So I went along for my interview at the fitness college- they take fitness very seriously in New Zealand- it is the home of Pump and Combat- when I do the classes in the Les Mills gym here I sort of feel like a young Jedi in the presence of Yoda... Auckland is to the fitness industry what Mysore is to Ashtanga Yoga. Classes of over 75 people!!! All whooping and cheering in the most painful parts!!!!! Crazy, i love it so much. Anyway, the college is really good- they have great facilities, and there was a great atmosphere too- and they are very big on good manners. I may need to work on cultivating that attitude of relentless cheerfulness but it shouldn't be too hard! You have to smile BIG and say "Awesome!!!!" a lot- and MEAN IT!!! I got talking to some of the staff and they're cool, so it should be a good ten weeks. And I'm sure it'll be useful to go over my A and P again and do some business related study too. The course starts the beginning of April so I'm heading down to Wellington to catch up with a couple of old friends from Brighton, on the scenic train on Monday, and a bit of exploration before I'm back to the grindstone for a while. It feels so good to have something to work on again, I'm a typical Capricorn in the respect that without work, or a project, I feel sort of lost.... like a doozer with no doozer construction.........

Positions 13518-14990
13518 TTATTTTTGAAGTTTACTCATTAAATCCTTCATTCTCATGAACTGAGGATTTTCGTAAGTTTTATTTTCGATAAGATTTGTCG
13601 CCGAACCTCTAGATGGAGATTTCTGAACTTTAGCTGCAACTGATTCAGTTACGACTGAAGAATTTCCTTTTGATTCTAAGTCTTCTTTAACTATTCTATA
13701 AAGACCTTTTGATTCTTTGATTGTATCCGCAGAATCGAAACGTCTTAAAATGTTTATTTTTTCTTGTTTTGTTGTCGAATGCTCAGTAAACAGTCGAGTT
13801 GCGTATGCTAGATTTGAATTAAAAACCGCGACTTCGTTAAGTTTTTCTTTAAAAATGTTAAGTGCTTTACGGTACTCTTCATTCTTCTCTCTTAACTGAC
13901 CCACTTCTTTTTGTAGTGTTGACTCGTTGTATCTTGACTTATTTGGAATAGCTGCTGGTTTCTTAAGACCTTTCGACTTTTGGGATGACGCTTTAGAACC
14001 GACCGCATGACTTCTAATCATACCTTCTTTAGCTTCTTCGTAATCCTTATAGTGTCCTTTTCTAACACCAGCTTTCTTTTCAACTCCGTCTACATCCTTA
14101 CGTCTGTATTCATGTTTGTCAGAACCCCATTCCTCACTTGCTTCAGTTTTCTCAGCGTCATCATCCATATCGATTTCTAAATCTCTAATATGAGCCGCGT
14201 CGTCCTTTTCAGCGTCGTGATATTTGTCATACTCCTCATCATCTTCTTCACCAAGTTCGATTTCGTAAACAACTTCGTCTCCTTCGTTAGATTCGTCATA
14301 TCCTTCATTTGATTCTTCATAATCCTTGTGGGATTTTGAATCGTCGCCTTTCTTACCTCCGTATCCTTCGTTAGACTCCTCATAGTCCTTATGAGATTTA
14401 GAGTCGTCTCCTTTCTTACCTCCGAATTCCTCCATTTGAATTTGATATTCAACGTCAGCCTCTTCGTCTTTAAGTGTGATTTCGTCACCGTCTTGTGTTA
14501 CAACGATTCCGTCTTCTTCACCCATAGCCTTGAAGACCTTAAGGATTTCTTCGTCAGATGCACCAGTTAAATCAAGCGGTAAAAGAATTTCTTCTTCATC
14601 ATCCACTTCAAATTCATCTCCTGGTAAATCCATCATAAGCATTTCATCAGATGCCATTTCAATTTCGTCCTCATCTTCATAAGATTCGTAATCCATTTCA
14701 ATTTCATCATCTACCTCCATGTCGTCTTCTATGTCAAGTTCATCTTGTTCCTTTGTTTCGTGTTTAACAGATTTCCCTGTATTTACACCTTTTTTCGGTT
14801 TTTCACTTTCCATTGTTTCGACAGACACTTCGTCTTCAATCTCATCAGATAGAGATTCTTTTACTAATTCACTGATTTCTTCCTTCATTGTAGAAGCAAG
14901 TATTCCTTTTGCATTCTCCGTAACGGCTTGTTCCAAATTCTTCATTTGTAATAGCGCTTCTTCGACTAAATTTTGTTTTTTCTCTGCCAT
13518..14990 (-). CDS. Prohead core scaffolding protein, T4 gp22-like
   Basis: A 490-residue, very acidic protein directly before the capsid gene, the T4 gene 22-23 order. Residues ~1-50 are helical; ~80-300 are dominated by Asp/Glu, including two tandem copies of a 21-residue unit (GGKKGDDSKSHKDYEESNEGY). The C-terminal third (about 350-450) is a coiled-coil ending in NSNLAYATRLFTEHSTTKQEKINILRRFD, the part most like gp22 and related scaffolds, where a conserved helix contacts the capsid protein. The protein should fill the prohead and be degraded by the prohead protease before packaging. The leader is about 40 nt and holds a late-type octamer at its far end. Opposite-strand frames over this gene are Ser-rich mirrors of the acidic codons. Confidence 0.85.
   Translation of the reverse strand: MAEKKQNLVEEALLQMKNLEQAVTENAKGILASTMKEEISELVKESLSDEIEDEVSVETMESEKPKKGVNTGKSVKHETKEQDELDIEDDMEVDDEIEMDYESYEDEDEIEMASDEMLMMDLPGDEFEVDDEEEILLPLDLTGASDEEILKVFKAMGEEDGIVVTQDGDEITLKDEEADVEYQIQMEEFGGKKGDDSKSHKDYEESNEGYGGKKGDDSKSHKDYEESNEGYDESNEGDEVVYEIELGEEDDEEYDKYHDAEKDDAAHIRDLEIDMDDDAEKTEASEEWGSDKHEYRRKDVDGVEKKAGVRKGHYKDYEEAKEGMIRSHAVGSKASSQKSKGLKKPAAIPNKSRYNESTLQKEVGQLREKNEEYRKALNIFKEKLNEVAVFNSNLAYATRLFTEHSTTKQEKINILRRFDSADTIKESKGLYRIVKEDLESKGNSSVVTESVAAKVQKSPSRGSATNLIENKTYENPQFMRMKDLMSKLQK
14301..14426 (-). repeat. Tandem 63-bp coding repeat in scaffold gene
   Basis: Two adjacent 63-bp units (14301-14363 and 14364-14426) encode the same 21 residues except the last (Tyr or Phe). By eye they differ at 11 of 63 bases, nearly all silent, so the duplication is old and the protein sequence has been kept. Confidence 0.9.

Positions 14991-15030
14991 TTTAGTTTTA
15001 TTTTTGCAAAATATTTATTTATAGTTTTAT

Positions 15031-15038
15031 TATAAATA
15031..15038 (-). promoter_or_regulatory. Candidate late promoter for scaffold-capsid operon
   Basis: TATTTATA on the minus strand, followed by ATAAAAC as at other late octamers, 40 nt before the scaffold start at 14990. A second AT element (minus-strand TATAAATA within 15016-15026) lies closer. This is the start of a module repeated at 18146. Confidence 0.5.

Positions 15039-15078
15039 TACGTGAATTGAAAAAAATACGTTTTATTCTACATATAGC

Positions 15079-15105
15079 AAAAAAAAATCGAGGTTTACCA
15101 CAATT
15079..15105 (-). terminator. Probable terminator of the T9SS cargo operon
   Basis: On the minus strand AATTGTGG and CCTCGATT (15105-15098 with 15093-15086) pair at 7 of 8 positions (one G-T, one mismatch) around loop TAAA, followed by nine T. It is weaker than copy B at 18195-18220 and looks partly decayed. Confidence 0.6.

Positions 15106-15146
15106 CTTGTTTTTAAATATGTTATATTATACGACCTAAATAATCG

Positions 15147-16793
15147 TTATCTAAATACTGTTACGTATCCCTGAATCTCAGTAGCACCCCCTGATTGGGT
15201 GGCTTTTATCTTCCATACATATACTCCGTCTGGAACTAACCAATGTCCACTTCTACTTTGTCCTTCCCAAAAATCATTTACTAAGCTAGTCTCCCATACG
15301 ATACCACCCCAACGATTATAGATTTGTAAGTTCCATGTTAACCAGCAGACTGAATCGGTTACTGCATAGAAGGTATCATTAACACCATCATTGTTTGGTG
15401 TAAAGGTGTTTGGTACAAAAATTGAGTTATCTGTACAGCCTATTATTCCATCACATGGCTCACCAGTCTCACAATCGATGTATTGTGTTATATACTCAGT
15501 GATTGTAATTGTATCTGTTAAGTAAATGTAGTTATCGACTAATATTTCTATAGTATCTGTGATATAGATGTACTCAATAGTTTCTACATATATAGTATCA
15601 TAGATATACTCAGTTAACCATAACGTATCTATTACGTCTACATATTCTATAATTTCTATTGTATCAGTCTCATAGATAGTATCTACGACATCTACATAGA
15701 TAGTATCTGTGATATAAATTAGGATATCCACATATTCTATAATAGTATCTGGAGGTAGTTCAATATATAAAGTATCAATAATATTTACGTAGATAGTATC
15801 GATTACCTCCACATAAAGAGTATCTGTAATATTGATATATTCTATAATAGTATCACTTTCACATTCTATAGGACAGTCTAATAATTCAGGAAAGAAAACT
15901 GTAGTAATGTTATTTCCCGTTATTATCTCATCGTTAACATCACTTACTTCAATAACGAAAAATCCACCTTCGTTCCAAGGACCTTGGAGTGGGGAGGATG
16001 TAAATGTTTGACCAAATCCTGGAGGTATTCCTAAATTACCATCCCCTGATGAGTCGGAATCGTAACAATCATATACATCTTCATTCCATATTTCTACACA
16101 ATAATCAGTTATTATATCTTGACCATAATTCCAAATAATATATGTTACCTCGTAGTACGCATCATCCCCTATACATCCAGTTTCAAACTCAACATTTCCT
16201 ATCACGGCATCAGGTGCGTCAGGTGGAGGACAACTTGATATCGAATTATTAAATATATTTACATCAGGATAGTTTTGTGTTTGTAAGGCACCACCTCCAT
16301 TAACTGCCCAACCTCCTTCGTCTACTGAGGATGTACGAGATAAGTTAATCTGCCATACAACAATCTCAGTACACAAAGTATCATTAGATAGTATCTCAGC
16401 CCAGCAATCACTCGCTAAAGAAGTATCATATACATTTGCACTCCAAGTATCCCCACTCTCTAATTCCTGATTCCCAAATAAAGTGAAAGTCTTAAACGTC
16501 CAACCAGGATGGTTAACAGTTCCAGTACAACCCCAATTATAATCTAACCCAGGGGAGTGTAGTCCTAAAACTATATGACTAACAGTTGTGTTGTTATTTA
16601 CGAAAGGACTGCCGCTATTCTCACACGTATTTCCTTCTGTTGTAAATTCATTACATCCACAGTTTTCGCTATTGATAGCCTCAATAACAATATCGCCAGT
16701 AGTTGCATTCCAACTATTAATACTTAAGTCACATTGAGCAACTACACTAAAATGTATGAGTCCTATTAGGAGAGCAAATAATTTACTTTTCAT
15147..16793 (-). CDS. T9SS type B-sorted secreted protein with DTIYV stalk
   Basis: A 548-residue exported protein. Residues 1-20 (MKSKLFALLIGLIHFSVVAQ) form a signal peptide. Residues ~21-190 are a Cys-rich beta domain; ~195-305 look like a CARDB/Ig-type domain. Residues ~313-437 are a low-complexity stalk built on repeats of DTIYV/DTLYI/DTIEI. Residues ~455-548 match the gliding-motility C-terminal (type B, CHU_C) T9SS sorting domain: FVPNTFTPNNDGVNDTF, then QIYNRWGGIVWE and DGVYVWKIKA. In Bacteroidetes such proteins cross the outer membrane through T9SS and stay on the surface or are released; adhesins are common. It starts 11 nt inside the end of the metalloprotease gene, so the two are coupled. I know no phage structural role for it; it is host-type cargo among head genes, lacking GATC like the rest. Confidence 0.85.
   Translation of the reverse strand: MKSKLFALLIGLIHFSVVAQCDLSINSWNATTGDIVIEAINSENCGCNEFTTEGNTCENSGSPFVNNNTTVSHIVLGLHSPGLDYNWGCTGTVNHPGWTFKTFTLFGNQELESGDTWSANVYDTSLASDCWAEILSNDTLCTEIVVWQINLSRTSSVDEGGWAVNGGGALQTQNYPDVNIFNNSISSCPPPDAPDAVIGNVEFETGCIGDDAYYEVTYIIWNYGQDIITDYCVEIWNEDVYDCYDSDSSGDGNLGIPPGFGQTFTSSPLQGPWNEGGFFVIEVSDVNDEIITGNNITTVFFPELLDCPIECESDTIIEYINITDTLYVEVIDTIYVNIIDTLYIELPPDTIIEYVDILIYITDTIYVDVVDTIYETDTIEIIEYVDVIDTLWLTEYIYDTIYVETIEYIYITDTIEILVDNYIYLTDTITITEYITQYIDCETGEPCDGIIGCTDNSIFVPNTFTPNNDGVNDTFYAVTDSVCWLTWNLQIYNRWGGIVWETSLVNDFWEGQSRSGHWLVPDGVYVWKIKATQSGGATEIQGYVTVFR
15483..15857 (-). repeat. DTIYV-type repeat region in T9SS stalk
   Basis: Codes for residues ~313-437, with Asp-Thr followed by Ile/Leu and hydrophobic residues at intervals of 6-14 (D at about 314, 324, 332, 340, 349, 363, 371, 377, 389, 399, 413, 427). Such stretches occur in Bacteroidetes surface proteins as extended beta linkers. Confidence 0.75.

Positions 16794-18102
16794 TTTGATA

I've also got out and about and met some people locally- I went to a talk on meditation the other night, which was great actually, and met a fellow Sheffielder(!) and met some guy called Jonathon too, and went on a bit of a fun Auckland pub crawl. And remembered the next day what a hangover feels like... no fun....

I'm spending this weekend in Auckland, going to some Hare Krishna thing in Albert Park on Sunday. And doing more people watching. One thing that sticks out here is how totally gorgeus some of the people are, theres quite a few people of Samoan and Maori descent, so different looking. And you see some amazing tattoos, on everyone. Theres a distinctly tribal/Pacific edge to the work. Most tattoos you see are monochromatic black. And I love the way you get these beautiful feminine girls with big bad strong looking tattoos. No messing about with names and butterflies here. And they don't seem to be so 'counter culture' here, like, you can be in some posh shop and there'll be a woman in her 50's with a tribal design etched on her wrist and its beautiful. There seems to be a good ethos here, on tattoos. That is, plan them, make them fit the part of the body they're going to be, and wear them with pride, as a totem, an expression of your journey. And bigger is always better with tattoos. If you're going to be a bear, be a grizzly..........
Anyway, on that note, I'll leave it there for now.....

Posted by victoria8 00:35 Archived in New Zealand Tagged women